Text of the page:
Get the Hummer onto the highway and it smooths out a little at higher speeds, plus you can activate Super Cruise, GM’s Level 2 driver-assistance system that allows for genuine hands-free operation on more than 400,000 miles of premapped roads in the United States and Canada. Super Cruise rules; its motions are natural and it’s a cinch to operate, and it even does automatic lane changes when approaching slower traffic.
The Hummer SUV’s seats are comfortable, but while the interior looks decent at first glance, the attention to detail in here is really poor. The finish on the dashboard and air vent surrounds were already showing scuffs and scratches in my tester – not a great look for a car with fewer than 900 miles of use. Cheap plastics are everywhere, the removable roof panels shake when you shut the doors, and if you roll down a window after it’s been raining, water will pour into the cabin.
Photo Credit: Steven Ewing / Motor1.com
Multimedia duties are handled by a 12.3-inch digital gauge cluster and 13.4-inch central touchscreen. The main infotainment menu has a steep learning curve, with unlabeled icons and confusing submenus, and I hate that the icons at the bottom of the display for the climate control functions aren’t actually part of the touchscreen – you operate them via the toggles below. However, props to GM for using Epic Games’ Unreal Engine for the Hummer’s processing system, as this SUV has some of the best multimedia graphics around, with immediate responses to inputs. This really makes a world of difference.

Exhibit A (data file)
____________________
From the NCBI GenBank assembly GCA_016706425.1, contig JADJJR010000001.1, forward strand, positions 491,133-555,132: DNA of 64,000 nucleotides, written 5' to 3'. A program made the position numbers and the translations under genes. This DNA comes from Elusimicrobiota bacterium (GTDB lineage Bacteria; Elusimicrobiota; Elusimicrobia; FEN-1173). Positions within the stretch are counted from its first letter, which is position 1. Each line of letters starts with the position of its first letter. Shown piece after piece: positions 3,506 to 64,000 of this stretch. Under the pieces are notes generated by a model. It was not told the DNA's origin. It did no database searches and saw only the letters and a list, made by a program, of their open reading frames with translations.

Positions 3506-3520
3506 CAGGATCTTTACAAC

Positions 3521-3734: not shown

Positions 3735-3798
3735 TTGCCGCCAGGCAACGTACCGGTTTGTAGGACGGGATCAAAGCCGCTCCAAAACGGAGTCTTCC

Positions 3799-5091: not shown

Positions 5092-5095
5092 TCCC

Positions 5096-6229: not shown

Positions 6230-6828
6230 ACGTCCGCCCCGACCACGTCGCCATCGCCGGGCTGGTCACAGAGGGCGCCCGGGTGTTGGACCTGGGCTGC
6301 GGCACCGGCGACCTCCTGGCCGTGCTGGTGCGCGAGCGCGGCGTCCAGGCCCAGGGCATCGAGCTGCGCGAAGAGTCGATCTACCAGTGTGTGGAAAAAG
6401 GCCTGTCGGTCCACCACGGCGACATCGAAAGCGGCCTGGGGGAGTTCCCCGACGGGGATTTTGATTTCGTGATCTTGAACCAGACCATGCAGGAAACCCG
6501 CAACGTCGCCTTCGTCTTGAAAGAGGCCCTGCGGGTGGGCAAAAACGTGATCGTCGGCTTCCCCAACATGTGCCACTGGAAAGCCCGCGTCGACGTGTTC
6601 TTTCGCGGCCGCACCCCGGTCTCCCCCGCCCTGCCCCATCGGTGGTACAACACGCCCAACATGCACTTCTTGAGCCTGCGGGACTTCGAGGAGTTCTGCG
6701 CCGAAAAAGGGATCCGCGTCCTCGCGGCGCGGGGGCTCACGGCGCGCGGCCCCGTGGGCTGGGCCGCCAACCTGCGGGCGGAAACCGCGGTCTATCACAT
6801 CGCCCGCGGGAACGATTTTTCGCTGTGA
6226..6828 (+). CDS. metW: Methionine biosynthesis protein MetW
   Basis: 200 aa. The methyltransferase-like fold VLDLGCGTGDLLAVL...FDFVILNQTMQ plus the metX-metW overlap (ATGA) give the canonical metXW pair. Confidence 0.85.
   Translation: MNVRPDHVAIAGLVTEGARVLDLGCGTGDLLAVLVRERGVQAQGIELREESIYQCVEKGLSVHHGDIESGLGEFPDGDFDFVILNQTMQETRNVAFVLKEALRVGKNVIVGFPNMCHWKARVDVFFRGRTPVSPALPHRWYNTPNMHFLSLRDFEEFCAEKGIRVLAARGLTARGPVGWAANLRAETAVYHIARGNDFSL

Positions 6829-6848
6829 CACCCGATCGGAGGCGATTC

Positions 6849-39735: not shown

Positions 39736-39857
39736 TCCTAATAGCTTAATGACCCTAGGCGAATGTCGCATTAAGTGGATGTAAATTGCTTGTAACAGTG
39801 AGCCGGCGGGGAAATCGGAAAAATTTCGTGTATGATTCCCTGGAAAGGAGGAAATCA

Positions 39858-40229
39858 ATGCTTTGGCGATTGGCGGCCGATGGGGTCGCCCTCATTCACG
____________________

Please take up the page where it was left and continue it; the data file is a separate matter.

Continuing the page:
Doesn’t Really Matter If You Love It Or Hate It
Whether or not a GMC Hummer SUV is "worth it" is truly a moot point, since this EV is in no way a rational purchase – it's all about emotion. And while it's easy to harp on the Hummer's high cost of entry, GMC's history with its premium Denali line proves buyers are willing to shell out tons of money for large-and-in-charge luxury trucks and SUVs. "We haven't seen the ceiling" of what customers will pay, one GMC executive said.
Furthermore, GMC says 75 percent of its Hummer customers are new to the brand and 70 percent are first-time EV buyers. Those are conquest numbers any automaker would kill for. Call it awful or call it awesome, the Hummer EV is fulfilling its mission as a rolling billboard for the possibilities of GM’s electric future.
2024 GMC Hummer EV SUV Edition 1